The transfer of personal data from EU Member States to third countries such as the United States is prohibited under the Data Protection Directive (95/46/EC) unless the level of protection afforded by the third country is adequate to provide essentially the same level of protection for personal data that EU citizens enjoy under EU law and the Charter of Fundamental Rights of the EU. Following the Edward Snowden revelations in 2013 concerning the extent to which the US security services engaged in extensive surveillance programmes of internet and telecommunication systems operated by companies such as Microsoft, Apple, Facebook and others, the European Commission adopted a “Safe Harbour” decision providing for procedures under which such data could be transferred to the US. On foot of a reference made in proceedings brought in Ireland by Max Schrems, the CJEU, in a decision of the 6th of October 2015, declared the Safe Harbour decision of the Commission to be invalid.
The Commission subsequently adopted certain decisions known as the Standard Contractual Clauses (SCC) decisions under which a data exporter in the EU (such as Facebook which transfers its EU customers’ data from Ireland to the US) could lawfully transfer data to countries such as the US if the data exporter and importer put in place an agreement which complied with the relevant SCC. Mr. Schrems reformulated his complaint to the Irish Data Protection Commissioner to the effect that the SCCs, even if complied with, did not in fact afford EU citizens the level of protection required under the Directive in order to comply with Articles 7 (respect for private and family life), 8 (protection of personal data) and 47 (right to an effective remedy and to a fair trial) under the Charter. Having considered his complaint, the Data Protection Commissioner, Helen Dixon, considered that his complaint was well-founded and she brought proceedings before the Irish High Court for the purpose of making a reference to the CJEU to adjudicate on the validity of the SCC Commission decisions. As Mr. Schrems’ complaint related to the transfer of his data by Facebook Ireland Limited to Facebook in the US, she joined Facebook Ireland Limited and Mr. Schrems as defendants. A large number of persons applied to be joined as amici curiae and the High Court joined four parties as amici curiae to the proceedings including the United States of America.
After a five week oral hearing which included evidence from five experts on US law concerning the nature and extent of the level of protection for personal data and remedies for infringements in the US, the High Court (Costello J.) formed the view that there appeared to be well-founded concerns that there is an absence of an effective remedy in US law compatible with the requirements of Article 47 of the Charter for an EU citizen whose data are transferred to the US where the data may be at risk of being accessed and processed by US State agencies for national security purposes in a manner incompatible with Articles 7 and 8 of the Charter. She formed the view that the safeguards purportedly constituted by the SCCs do not appear to address the well-founded objection that there is an absence of a remedy in the US compatible with Article 47 of the Charter, particularly having regard to the standing requirements under US constitutional law.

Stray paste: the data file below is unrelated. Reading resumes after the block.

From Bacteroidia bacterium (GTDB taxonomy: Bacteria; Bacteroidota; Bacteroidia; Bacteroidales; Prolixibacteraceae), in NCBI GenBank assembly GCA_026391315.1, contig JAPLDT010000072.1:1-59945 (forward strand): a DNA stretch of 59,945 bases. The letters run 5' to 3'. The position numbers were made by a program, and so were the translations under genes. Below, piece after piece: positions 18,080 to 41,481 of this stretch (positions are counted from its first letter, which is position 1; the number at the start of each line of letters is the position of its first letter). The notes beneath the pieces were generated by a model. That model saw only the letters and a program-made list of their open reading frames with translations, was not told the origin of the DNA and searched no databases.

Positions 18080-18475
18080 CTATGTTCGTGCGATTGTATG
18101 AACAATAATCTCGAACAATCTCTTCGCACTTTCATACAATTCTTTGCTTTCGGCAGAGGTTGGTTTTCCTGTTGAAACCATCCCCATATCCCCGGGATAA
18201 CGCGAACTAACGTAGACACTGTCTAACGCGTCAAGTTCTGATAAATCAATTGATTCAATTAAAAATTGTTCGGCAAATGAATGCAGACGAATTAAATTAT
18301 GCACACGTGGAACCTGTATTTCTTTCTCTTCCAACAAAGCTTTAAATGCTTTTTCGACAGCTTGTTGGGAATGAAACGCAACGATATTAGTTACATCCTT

Costello J. accepted the arguments of the Data Protection Commissioner that she had jurisdiction to make a preliminary ruling on the validity of the SCC decisions; that the court was not obliged to reject the application by reason of the adoption by the Commission of another mechanism for data transfer known as the EU – US Privacy Shield decision; that the Data Protection Commissioner’s well-founded concerns as to the absence of an effective remedy in US law compatible with the requirements of EU law and the Charter were not eliminated by the introduction of the Privacy Shield decision; that an issue also arose as to whether the exceptional discretionary power conferred on the Data Protection Commissioner by Article 28 of the Directive to suspend or ban the transfer of data to a data importer in a third country on the basis of the legal regime in that third country is sufficient to secure the validity of the SCC decisions.
In her judgment she pointed out that “[t]he case raises issues of very major, indeed fundamental, concern to millions of people within the European Union and beyond. First, it is relevant to the data protection rights of millions of residents of the European Union. Secondly, it has implications for billions of euro worth of trade between the EU and the US and, potentially, the EU and other non-EU countries. It also has potentially extremely significant implications for the safety and security of residents within the European Union.”
Following the delivery of the High Court’s decision on the 3rd of October 2017, the Court is shortly due to hear submissions on the form of questions to be referred to the CJEU.
Michael M. Collins SC acted for the Data Protection Commissioner.